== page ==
Saturday, July 7, 2012

Record Heat, Wine and War

There comes a point with the weather that I tend to shut down, crawl in a hole and stay there until the situation passes.  Usually this is because of a heavy snow storm in the winter and the time is spent braising something and watching the snow fall through the windows.

In this case things are shut down because of the heat,  four records in the last six days for high temperatures were broken.  Those records were set in 1874. Today is predicted to be the fifth record and they are predicting 105 degrees.  The area has also recorded three records for the highest low temperature for a day - meaning simply that it doesn't cool off at night.

Even the kitchen is shut down because I don't want to add any more heat to the house.  Since most of my wine is consumed with food the wine consumption is also down - one bottle of Riesling lasted four days.

The best thing to do is sit under the ceiling fan and read, and there happened to be a good book that fell into my hands on the recent out of town trip.  Wine & War - the French, The Nazis & The Battle For France's Greatest Treasure by Don and Petie Kladstrup was published in 2001 but it isn't a book I was familiar with.  This particular copy was in a box of used books and as it turns out it's a copy signed by the authors.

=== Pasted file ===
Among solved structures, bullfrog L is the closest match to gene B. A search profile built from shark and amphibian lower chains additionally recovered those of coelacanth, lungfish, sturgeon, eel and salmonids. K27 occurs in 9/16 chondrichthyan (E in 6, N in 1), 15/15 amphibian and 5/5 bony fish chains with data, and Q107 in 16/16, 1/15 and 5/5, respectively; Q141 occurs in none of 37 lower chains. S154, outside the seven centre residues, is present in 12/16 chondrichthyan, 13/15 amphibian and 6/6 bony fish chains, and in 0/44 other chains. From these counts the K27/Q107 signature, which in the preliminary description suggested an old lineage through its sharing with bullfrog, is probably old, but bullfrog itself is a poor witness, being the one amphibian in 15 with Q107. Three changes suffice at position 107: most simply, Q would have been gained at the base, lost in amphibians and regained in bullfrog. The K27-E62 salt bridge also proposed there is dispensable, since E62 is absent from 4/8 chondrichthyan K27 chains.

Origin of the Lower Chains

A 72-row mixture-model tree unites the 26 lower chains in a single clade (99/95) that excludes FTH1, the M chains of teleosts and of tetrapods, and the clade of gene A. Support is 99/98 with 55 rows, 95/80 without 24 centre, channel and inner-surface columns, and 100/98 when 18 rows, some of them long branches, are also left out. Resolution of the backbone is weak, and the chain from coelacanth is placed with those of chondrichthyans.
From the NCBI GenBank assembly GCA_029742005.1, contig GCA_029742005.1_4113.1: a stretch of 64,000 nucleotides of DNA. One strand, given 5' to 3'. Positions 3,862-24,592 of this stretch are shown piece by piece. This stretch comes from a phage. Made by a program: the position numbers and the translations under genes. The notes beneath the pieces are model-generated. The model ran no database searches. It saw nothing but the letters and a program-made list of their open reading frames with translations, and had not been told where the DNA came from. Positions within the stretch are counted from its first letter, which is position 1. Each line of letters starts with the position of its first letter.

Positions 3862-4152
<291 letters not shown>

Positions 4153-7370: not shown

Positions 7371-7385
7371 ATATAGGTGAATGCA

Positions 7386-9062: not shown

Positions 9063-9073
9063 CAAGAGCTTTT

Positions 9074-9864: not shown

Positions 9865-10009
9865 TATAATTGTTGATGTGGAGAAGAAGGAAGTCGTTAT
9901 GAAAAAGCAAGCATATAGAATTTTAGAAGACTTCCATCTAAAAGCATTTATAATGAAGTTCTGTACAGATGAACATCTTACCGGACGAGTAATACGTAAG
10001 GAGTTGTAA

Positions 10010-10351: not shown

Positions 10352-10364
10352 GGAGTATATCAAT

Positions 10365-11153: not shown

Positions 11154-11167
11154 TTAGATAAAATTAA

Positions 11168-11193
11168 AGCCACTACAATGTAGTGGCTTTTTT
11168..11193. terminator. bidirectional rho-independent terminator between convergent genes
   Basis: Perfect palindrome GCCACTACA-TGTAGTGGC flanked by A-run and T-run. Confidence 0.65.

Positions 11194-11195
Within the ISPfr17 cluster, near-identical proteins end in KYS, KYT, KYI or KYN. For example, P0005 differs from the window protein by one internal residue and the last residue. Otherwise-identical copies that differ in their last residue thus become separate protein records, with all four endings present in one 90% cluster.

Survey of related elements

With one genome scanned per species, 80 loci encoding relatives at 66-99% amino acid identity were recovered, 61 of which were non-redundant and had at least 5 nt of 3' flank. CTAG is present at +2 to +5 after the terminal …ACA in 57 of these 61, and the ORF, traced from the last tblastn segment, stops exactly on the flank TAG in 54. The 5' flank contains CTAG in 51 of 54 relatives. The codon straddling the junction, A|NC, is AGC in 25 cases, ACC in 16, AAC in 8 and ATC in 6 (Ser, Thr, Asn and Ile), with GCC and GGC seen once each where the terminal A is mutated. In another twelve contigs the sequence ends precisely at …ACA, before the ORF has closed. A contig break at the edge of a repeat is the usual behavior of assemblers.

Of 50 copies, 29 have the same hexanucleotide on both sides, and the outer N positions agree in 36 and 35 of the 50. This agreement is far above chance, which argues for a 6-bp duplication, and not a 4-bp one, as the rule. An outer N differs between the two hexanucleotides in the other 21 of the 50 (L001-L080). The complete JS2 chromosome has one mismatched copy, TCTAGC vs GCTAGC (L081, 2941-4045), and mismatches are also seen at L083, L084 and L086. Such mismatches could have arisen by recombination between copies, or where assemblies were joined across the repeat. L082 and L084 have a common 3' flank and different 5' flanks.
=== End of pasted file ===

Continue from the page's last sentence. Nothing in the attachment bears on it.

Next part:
The book is totally fascinating and I had difficulty putting it down.  The book is just what the extended title says - a battle to save France's best wines from being shipped back to Germany during WWII.  For a wine drinker the names are very familiar - Jayer, Drouhin, Huet, Taittinger, Hugel, and Miaihle de Lencqesaing.  Burgundy, Bordeaux, Champagne, the Loire, Alsace  all were targeted by the Nazis and all lost considerable portions of their cellars to confiscation.

Totally fascinating the lengths and methods these folks went to and through to protect their wine, and totally tragic how the wine makers were captured, arrested, tortured and killed in the process. 

The authors live in France and did extensive interviews with survivors or descendants of victims and that certainly keeps the book from being dry or dull.    Good stuff here.

 Broadway Books (Random House) 2001.

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